2. Alternate: I am a Catholic because I sincerely believe, by virtue of much cumulative evidence, that Catholicism is true, and that the Catholic Church is the visible Church divinely-established by our Lord Jesus, against which the gates of hell cannot and will not prevail (Mt 16:18), thereby possessing an authority to which I feel bound in Christian duty to submit.

3. 2nd Alternate: I left Protestantism because it was seriously deficient in its interpretation of the Bible (e.g., “faith alone” and many other “Catholic” doctrines – see evidences below), inconsistently selective in its espousal of various Catholic Traditions (e.g., the Canon of the Bible), inadequate in its ecclesiology, lacking a sensible view of Christian history (e.g., “Scripture alone”), compromised morally (e.g., contraception, divorce), and unbiblically schismatic, anarchical, and relativistic. I don’t therefore believe that Protestantism is all bad (not by a long shot), but these are some of the major deficiencies I eventually saw as fatal to the “theory” of Protestantism, over against Catholicism. All Catholics must regard baptized, Nicene, Chalcedonian Protestants as Christians.

4. Catholicism isn’t formally divided and sectarian (Jn 17:20-23; Rom 16:17; 1 Cor 1:10-13).

5. Catholic unity makes Christianity and Jesus more believable to the world (Jn 17:23).

6. Catholicism, because of its unified, complete, fully supernatural Christian vision, mitigates against secularization and humanism.

7. Catholicism avoids an unbiblical individualism which undermines Christian community (e.g., 1 Cor 12:25-26).

8. Catholicism avoids theological relativism, by means of dogmatic certainty and the centrality of the papacy.

9. Catholicism avoids ecclesiological anarchism – one cannot merely jump to another denomination when some disciplinary measure or censure is called for.

10. Catholicism formally (although, sadly, not always in practice) prevents the theological relativism which leads to the uncertainties within the Protestant system among laypeople.

Click to see all

140 More Reasons from Bob at the Catholic Treasure Chest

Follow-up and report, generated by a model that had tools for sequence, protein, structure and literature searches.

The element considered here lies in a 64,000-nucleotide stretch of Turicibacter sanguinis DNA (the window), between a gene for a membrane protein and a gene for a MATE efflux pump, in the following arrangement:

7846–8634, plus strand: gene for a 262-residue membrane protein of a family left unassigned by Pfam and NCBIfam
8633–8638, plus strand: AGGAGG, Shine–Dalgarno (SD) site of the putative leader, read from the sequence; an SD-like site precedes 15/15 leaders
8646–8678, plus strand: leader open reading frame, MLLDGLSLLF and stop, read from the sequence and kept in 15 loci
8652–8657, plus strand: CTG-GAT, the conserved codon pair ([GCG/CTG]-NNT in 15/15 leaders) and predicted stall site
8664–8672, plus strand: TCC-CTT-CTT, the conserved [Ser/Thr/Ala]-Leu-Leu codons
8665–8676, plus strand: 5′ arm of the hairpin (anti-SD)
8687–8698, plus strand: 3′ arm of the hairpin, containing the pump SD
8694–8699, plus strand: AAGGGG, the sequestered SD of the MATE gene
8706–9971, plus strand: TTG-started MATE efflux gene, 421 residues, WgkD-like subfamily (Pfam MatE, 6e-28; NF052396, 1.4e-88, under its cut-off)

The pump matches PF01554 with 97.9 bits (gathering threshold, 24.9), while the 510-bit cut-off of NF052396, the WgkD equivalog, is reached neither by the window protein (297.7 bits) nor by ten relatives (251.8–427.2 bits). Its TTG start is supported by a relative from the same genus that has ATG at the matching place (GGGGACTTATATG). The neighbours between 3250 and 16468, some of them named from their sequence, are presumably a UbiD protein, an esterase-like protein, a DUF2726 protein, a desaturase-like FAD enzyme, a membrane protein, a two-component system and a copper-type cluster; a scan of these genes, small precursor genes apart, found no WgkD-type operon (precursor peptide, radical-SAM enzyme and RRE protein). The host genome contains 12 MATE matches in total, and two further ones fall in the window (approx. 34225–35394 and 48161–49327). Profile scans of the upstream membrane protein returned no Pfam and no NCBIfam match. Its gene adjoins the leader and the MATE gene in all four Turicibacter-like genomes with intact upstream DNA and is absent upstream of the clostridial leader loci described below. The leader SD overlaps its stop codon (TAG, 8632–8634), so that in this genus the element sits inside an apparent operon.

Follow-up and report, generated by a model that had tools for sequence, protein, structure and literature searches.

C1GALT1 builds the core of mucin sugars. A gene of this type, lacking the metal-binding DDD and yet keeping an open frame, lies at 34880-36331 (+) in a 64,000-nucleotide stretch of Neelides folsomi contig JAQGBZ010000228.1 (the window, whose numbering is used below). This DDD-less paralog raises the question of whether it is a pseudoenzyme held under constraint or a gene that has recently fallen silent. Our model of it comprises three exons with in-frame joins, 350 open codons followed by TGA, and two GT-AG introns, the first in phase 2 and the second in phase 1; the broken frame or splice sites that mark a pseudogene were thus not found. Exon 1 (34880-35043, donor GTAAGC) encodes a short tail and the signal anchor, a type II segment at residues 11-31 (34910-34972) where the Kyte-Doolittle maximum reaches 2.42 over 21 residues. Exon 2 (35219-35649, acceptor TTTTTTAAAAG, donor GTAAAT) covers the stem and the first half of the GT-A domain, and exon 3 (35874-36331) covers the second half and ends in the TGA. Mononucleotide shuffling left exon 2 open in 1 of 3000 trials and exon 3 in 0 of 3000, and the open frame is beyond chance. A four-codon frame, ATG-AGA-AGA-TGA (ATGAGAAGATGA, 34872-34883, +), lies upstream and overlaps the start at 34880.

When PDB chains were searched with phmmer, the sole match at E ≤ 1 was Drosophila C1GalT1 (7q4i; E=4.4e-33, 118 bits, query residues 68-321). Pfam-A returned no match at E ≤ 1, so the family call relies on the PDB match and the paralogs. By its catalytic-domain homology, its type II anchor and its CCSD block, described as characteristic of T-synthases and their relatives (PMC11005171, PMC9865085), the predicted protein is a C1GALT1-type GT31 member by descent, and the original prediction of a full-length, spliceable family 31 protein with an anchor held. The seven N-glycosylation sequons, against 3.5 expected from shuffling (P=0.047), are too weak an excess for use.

Submitted by Bob Stanley

Catholic seminary reporting highest enrollment in two decades

The influx of students has left the St. Meinrad School of Theology straining to find classroom and living space for the new seminarians and other students at the campus 65 miles west of Louisville, Ky.

St. Meinrad, which trains many future priests for dioceses in Kentucky, Indiana and across the nation, began the year with 121 students — its highest number since 1988.

Church leaders and seminarians said a combination of spiritual and practical factors are behind the growth.

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The prophet Ezekiel, the closed Eastern Gate, Jesus, and the Blessed Virgin Mary

Many ancient theologians such as Saint Ambrose and Saint Augustine (and most of the Eastern Fathers) interpreted Ezekiel’s prophecy about the Temple’s closed eastern gate as a prophecy of the virgin birth of Christ. According to Ezekiel, only the Messianic lord/king/priest could enter through this eastern gate of the Temple.

“Then He brought me back
to the outer gate of the Sanctuary,
which faces East;
and it was shut.
And He said to me,
“This gate shall remain shut;
it shall not be opened,
and no man shall enter by it;
for the Lord, the God of Israel,
has entered by it;
therefore it shall remain shut.
Only the Prince may sit in it
to eat bread before the Lord;
He shall enter by way of the vestibule of the gate,
and shall go out the same way” (Ezek 44:1-3).

As the Catholic Church teaches, the Blessed Virgin Mary is perpetually a virgin – she did not have relations with Joseph after Christ’s birth in accordance with the prophecy of Ezekiel: “and no man shall enter by it; for the Lord, the God of Israel, has entered by it; therefore it shall remain shut.”

God entered creation through her womb and it was hallowed in this profound mystery. The “Prince” who is Jesus “sits in it to eat bread before the Lord.” Christ was nourished in the darkness of her womb. He gained the flesh and blood that He would offer on the cross to His Father. The “bread” reference refers to Bethlehem (which means “house of bread”). It also points forward to the supersubstantial bread of the Holy Eucharist which is His flesh and blood.